As I’ve been writing fiction for several years, I’ve become fascinated by learning what makes people tick and using this unscientific data to influence the arc of my storyline and the backstory of my characters. Anytime a person stands in front of you, presenting himself in some particular way, there are actually thousands of experiences at work in his words and actions and choices. The smile which doesn’t quite meet his eyes or that tiny twitch in the corner of his mouth or his fingers tap-tapping on his leg. People are just so complicated.

 

At a big tournament like this one, you see what Jim McKay, the late ABC sports announcer, would call “…the thrill of victory…and the agony of defeat…the human drama of athletic competition…” The thing I realized about myself as I watched a nearby game conclude on an adjacent field to the one where my son was warming up with his team, was that I was actually more interested in the faces of the losing team than those of the winning team. The winners jumped and cheered and hugged each other as they celebrated a hard fought victory. Not much variation there. But the losers…that’s where you see the range and depth of emotions. Some boys dropped to the ground and pounded the dirt with their fists, some offered a hand to help those teammates up on their feet, some cried unrestrained tears, and some stood motionless in despair. Then there was one 11 or 12 year-old kid who approached a player from the opposing team to congratulate him. He extended his hand in a friendly handshake, then he went along and continued shaking the hands of the rest of the team. His teammates noticed and joined in. No doubt this is his coach’s customary instruction after a game, but he did it with maturity and grace.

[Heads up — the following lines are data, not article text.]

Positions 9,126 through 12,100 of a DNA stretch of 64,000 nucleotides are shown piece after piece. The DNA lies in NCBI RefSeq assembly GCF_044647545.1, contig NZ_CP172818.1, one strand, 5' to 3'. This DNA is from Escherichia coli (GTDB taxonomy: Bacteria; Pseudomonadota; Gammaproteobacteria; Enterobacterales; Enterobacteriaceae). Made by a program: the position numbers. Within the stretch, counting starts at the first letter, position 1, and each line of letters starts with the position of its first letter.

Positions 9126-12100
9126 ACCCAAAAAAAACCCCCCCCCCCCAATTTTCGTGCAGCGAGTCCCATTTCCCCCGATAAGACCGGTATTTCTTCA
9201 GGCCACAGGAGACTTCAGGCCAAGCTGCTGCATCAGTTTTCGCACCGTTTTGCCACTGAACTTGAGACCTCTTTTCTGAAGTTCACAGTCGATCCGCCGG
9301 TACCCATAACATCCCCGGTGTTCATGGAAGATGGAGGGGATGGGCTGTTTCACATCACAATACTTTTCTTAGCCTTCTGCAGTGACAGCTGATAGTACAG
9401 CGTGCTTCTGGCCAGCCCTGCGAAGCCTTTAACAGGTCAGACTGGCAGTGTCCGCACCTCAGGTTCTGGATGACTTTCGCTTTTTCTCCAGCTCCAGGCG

It stinks to lose. Even someone like me who never played sports and usually shies away from competition can own up to the fact that it’s no fun being on the losing side. But when we teach our kids about integrity and good sportsmanship and perspective, and they can be consistently honorable in the face of winning and losing, they are true champions no matter the final score.

Line of dominoes

A few weeks ago, I heard an unmistakable chirping sound as I walked through the basement to the laundry room. We had recently changed the batteries in the various smoke alarms, but we had overlooked the carbon monoxide detector mounted high on the wall. As I climbed a chair to take it down, from my high vantagepoint I noticed that the thermostat situated just below and to the right of the carbon monoxide detector was blank. Nothing was on or running. The HVAC unit for the basement doesn’t see a lot of action since the cave-lake rooms down there mostly remain at a consistently pleasant temperature, so who knows how long it had been out. I called an air conditioning repairman, and he alerted me to the fact that the drain pan which the unit sits in was full of water, resulting in the unit cutting out. Otherwise, it was operating perfectly fine. He also showed me where a slow but steady drip was winding its way from somewhere upstairs, hopping from one wire or cable or pipe to another, then eventually landing in that drain pan. Later that evening, my husband and I took turns being the upstairs-listener or the downstairs-tapper (the basement person poking a broom handle on the spot where we thought the leak originated), until we located the leaky culprit—the water line to the refrigerator. Next to enter, a plumber who had to cut a bit of the drywall behind the refrigerator to get to the spot in need of repair. With his task accomplished, our last domino fell in this particular home repair saga.